The average reduction observed for the streptococci load (56.4%) was more than that observed for the total bacteria (45.3%) and the anaerobes (51.7%). However, it is interesting to note that this difference was not statistically significant when compared with the CFU count of streptococci following the distilled water rinse. The most plausible reason for this is that Streptococcus showed the least resistance to the distilled water rinse. 10 of 17 streptococci samples treated with distilled water showed a reduction in CFUs, whereas total bacteria (8 of 17 samples) and anaerobes (9 of 17 samples) showed greater resistance to the distilled water rinse. This suggests that streptococci are somewhat sensitive to distilled water and much more sensitive to ozonated water rinsing than other microbes, and therefore, a statistically insignificant result was obtained for the streptococci for the comparison between the distilled and ozonated water rinses. The pre-rinse and post-rinse CFU values of the streptococci for Group 1 are shown in Figure 4.

 

 

The results of this study are comparable to those of previous studies on oxidizing agents and antiseptics. Moran et al.,25 studied the effect of a single dose of two mouth rinses containing either peroxyborate or peroxycarborate oxidizing agents on salivary bacteria. The methodology of the present study was similar to that of their study except that salivary bacterial counts instead of plaque bacterial counts were assessed in their study after the single rinse. Both peroxyborate and peroxycarborate reduced the bacterial count, but the results were not significant when compared to those of a negative control saline rinse. Additionally, both rinses showed an inhibition of plaque accumulation over time.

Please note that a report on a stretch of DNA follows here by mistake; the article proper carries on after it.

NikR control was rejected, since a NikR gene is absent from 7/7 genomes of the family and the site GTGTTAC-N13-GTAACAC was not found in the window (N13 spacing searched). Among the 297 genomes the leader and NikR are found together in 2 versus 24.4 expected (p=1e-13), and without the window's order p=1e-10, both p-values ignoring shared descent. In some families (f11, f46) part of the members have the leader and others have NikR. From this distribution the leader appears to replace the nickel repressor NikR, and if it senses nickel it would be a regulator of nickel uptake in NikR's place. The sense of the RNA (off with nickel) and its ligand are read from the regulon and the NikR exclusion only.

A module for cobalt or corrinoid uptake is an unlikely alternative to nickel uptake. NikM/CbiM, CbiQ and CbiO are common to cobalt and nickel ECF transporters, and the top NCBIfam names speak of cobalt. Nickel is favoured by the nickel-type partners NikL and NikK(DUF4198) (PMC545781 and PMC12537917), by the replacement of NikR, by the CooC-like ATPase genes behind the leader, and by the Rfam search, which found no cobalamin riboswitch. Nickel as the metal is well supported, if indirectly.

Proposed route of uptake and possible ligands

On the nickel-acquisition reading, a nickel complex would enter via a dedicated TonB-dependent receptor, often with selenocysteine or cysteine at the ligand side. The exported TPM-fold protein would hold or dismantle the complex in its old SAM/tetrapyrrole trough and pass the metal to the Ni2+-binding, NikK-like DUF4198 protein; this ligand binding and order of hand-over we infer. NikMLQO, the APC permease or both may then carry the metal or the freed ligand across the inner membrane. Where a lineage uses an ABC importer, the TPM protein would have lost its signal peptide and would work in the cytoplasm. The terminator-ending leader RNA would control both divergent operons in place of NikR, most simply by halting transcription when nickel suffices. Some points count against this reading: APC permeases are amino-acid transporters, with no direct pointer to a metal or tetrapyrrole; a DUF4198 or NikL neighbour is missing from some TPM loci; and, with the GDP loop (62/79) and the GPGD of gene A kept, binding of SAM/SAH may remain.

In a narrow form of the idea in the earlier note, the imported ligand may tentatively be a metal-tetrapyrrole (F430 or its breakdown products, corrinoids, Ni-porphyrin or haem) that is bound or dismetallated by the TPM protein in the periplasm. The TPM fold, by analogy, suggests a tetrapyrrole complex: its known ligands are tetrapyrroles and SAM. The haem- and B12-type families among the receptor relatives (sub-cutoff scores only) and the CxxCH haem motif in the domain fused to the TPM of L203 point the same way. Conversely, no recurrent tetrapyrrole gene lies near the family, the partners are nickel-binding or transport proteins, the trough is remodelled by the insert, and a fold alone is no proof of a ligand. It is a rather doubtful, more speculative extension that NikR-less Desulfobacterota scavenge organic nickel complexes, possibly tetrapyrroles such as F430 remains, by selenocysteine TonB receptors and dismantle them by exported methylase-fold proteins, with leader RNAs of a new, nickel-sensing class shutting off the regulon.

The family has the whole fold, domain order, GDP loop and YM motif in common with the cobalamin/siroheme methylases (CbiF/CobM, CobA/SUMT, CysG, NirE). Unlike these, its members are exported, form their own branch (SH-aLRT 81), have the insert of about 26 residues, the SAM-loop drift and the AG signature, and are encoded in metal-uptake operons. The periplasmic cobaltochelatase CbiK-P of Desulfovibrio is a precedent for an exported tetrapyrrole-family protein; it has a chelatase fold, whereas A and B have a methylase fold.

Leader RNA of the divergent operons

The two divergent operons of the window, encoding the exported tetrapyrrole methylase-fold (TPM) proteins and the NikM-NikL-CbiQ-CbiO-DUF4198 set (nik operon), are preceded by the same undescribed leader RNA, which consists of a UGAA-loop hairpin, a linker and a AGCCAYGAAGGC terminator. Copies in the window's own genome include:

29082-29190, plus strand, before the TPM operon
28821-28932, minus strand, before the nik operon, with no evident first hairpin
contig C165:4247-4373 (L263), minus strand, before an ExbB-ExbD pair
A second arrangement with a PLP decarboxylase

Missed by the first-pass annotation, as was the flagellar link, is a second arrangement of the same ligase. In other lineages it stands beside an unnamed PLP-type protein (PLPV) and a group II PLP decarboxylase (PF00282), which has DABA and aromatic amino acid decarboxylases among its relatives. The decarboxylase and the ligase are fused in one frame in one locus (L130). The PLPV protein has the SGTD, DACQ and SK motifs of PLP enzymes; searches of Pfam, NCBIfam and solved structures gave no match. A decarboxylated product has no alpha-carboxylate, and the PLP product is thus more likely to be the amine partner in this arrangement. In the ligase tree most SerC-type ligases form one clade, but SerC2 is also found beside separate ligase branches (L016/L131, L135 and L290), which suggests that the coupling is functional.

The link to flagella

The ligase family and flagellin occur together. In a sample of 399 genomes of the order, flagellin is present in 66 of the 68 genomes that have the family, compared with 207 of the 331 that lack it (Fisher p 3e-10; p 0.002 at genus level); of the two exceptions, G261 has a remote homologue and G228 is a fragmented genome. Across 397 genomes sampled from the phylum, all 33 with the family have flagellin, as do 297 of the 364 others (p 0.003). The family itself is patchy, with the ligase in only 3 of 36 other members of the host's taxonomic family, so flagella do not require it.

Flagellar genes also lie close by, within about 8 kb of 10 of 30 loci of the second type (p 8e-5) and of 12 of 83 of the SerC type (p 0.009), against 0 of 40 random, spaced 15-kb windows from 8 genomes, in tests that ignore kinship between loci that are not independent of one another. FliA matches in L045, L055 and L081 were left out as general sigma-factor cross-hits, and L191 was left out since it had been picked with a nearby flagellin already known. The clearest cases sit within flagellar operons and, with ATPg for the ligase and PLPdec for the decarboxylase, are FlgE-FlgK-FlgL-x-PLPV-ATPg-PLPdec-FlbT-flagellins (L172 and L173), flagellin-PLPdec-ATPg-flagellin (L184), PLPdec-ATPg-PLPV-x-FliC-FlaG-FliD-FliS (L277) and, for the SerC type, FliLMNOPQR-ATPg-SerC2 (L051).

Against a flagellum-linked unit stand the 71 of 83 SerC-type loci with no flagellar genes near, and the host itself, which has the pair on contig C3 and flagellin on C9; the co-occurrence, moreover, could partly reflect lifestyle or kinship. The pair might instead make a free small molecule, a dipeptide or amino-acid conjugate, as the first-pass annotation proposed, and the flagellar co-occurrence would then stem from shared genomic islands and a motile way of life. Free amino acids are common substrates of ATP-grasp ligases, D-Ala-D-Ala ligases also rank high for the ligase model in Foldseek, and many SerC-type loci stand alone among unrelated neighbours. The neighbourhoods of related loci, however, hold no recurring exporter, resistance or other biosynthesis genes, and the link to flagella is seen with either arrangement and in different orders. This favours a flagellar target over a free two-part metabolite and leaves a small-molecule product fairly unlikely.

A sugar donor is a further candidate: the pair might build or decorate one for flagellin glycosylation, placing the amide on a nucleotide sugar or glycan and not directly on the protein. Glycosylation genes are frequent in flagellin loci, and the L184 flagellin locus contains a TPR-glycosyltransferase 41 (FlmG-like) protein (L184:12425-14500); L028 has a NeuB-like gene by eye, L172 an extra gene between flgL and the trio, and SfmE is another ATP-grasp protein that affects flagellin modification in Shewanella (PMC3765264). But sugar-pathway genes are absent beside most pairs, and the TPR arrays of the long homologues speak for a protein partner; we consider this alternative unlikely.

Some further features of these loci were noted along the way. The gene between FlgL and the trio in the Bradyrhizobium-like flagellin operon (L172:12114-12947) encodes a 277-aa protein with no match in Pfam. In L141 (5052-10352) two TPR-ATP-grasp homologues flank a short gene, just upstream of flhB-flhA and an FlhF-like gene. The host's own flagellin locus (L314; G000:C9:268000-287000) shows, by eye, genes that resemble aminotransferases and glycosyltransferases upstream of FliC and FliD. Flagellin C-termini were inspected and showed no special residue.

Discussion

Conclusion

This study suggests that ozone at a concentration of 0.1 ppm is effective in reducing the plaque microbial load but does not eliminate the entire plaque microbial population. The prevention of plaque accumulation is more desirable than plaque elimination. Therefore, ozonated water rinsing may be an extremely useful addition to tooth brushing and flossing because it is bactericidal, easy to prepare and cost effective. There is also convincing evidence demonstrating its bio-compatibility (at 1.25–20 mg/ml) with human oral epithelial, gingival and periodontal cells.27 The magnitude of bacterial inactivation that it produces, however, needs further investigation. The need for an ideal tool to maintain oral health supports the rationale for further study of its benefits in inhibiting the accumulation and growth of plaque microorganisms.

 

References

1.  Overman PR. Biofilm: a new view of plaque. J Contemp Dent Pract. 2000 Aug 15;1(3):18-29.         [ Links ]

2.  Marsh PD. Dental plaque as a microbial biofilm. Caries Res. 2004 May-Jun;38(3):204-11        [ Links ]